Grace, I get what you mean about getting up early. Now I am in the habit of getting up early. I try to get up an hour earlier than everyone else so I can spend that hour listening to books on tape for auditory training.


    1. Thanks Diana. You made losing 25 pounds sound easy. And love your comment about the comics. I recently stayed two nights with Hallie and her lovely husband Jerry. Sunday morning, you better not be reaching for those comics!!

  21. Kathy Reel, thank you for affirming a choice I made this morning. While not a call, a text from a dear friend for which I stopped everything, thought about her words and the words with which I needed to respond. (What I wanted to do was put on my Wonder Woman outfit and fly to her rescue. Not the right thing to do.) And texting was the comfortable thing to do as that is our primary way to talk to each other because of time a distance.
    And thank you, Jungle Reds, for this blog which lets "strangers" support each other.

  22. Two rules:

    Walk the dogs every single day if the chill factor is above zero

    Stay off Facebook.

  23. Lucy, you made such a good point about it being hard to be present for all those important to you when you're raising children or working full-time. I was raising children when I didn't talk on the phone to my mother long enough, and I should forgive myself for that. I'm happy that I now have that time to be present, and that I learned its essential place in my life. Elisabeth, how wonderful that you were there for your friend, and there are people I text with, who seem to prefer that method of communication.

    Grace, I'm with Hank and Debs on the rising early. In fact, I'm sure I go beyond their aversion to it. I am the true night owl, staying up until at least 3 a.m. Occasionally, I will go to be a bit before or a bit after that. I think it was 4:00 this morning, but I'm reading Darktown by Thomas Mullen, and what else could I do. Of course, I am able to sleep late the next morning, so it's a pattern that still lets me function. There was a time when I had to be at school by 7:30, and those days of working wouldn't allow my natural night owl to exist. I do admire those who rise early, but I just don't think I'll ever get there again.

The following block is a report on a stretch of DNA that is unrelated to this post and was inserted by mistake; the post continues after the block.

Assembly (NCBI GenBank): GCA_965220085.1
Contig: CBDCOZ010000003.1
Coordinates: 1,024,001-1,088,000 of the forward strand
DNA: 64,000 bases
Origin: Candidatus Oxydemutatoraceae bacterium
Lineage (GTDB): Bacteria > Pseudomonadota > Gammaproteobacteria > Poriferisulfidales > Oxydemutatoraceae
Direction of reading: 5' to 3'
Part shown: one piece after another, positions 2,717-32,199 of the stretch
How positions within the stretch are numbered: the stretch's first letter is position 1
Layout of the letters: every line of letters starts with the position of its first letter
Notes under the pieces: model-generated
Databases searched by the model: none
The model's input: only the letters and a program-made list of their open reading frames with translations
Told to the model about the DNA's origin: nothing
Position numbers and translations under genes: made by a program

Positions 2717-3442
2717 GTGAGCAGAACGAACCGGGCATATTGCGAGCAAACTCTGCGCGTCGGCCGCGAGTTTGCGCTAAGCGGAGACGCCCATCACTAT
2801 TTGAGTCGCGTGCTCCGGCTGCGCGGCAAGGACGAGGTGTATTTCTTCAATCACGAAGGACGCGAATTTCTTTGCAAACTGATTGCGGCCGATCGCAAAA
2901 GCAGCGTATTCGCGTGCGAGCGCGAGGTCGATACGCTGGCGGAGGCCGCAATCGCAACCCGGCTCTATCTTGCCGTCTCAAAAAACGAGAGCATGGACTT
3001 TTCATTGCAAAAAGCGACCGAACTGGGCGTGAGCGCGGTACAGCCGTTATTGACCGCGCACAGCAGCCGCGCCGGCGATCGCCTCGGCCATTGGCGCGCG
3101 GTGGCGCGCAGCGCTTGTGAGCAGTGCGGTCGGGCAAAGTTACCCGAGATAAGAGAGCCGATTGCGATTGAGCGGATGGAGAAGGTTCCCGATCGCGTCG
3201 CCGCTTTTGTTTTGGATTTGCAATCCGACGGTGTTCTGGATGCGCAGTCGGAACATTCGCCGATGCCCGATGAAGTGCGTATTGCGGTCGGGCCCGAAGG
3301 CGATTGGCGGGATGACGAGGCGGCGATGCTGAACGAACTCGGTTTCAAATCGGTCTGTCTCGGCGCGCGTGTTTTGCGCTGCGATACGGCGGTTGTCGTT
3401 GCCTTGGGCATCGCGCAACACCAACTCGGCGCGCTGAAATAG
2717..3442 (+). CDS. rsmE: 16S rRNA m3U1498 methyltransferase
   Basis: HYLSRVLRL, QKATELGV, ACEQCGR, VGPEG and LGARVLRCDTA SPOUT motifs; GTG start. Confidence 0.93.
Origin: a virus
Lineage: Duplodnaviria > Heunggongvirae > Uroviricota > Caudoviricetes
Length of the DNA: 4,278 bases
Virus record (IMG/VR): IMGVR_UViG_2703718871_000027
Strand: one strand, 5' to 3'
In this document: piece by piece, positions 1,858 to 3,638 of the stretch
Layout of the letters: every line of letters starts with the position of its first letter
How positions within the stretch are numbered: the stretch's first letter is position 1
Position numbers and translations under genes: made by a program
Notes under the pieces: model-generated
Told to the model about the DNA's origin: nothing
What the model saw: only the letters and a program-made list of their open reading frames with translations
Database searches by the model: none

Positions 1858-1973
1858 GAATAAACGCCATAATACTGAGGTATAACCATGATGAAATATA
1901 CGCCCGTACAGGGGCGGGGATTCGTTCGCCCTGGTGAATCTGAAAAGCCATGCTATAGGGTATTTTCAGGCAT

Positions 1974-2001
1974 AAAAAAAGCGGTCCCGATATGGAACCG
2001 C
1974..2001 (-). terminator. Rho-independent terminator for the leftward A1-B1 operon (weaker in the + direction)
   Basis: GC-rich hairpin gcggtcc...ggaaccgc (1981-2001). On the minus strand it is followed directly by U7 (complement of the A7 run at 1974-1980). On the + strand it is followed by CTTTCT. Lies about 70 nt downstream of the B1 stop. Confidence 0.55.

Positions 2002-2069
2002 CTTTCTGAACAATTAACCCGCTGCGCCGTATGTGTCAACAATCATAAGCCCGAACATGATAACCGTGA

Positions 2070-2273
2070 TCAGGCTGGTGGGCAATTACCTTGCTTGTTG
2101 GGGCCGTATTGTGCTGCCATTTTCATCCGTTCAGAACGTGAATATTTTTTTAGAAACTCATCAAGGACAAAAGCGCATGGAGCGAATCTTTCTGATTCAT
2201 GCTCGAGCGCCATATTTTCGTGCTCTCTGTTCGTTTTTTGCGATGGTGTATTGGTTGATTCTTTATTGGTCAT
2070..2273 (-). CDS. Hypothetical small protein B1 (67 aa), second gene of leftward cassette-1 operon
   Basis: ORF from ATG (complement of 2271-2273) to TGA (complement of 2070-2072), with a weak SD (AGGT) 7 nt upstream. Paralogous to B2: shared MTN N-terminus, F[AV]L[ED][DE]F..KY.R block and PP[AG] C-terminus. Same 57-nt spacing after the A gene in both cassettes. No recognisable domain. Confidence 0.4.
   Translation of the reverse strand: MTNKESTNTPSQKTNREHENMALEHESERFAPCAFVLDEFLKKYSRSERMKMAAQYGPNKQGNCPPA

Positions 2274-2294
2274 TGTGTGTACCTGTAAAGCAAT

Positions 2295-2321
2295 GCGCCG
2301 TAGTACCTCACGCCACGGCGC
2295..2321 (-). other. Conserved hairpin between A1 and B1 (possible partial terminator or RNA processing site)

Oh, and I certainly agree that laughter is essential to having a healthy lifestyle. One of the best compliments (whether it was meant that way or not, hahaha) was someone coming up to me in a group and saying that she knew I was there because she heard my laugh. Of course, on the other hand, I have been told I cackle often. Hahaha

  24. Kathy: Yes, we are opposites on the daily rise and sleep cycle but we interact well here at JRW just fine. And I think we both greeted Dru Ann on her daily FB post today at 4:00 am... but you were going off to sleep, and I had just gotten up to start my day lol!!

  25. I agree with Mary about taking Vitamin D. Only after a family member came down with Crohn's disease did we learn there is a direct link between low Vitamin D levels and gastrointestinal diseases - colitis, Crohn's, and colon cancer. If you really hate vitamins, your doctor can test your Vitamin D level at your annual physical. I don't think there is any way to get enough Vitamin D from food.

  26. I would like to say that just reading "25 things" stressed me out! Be Generous is up there. Take care of ourselves is important too (and while it's self-centered, I've found I'm much better support to others when I'm in a good mental & physical place myself).

  27. Do work that is meaningful to you. Be kind. Be active. Read. Write. Be aware of nature and get out into nature.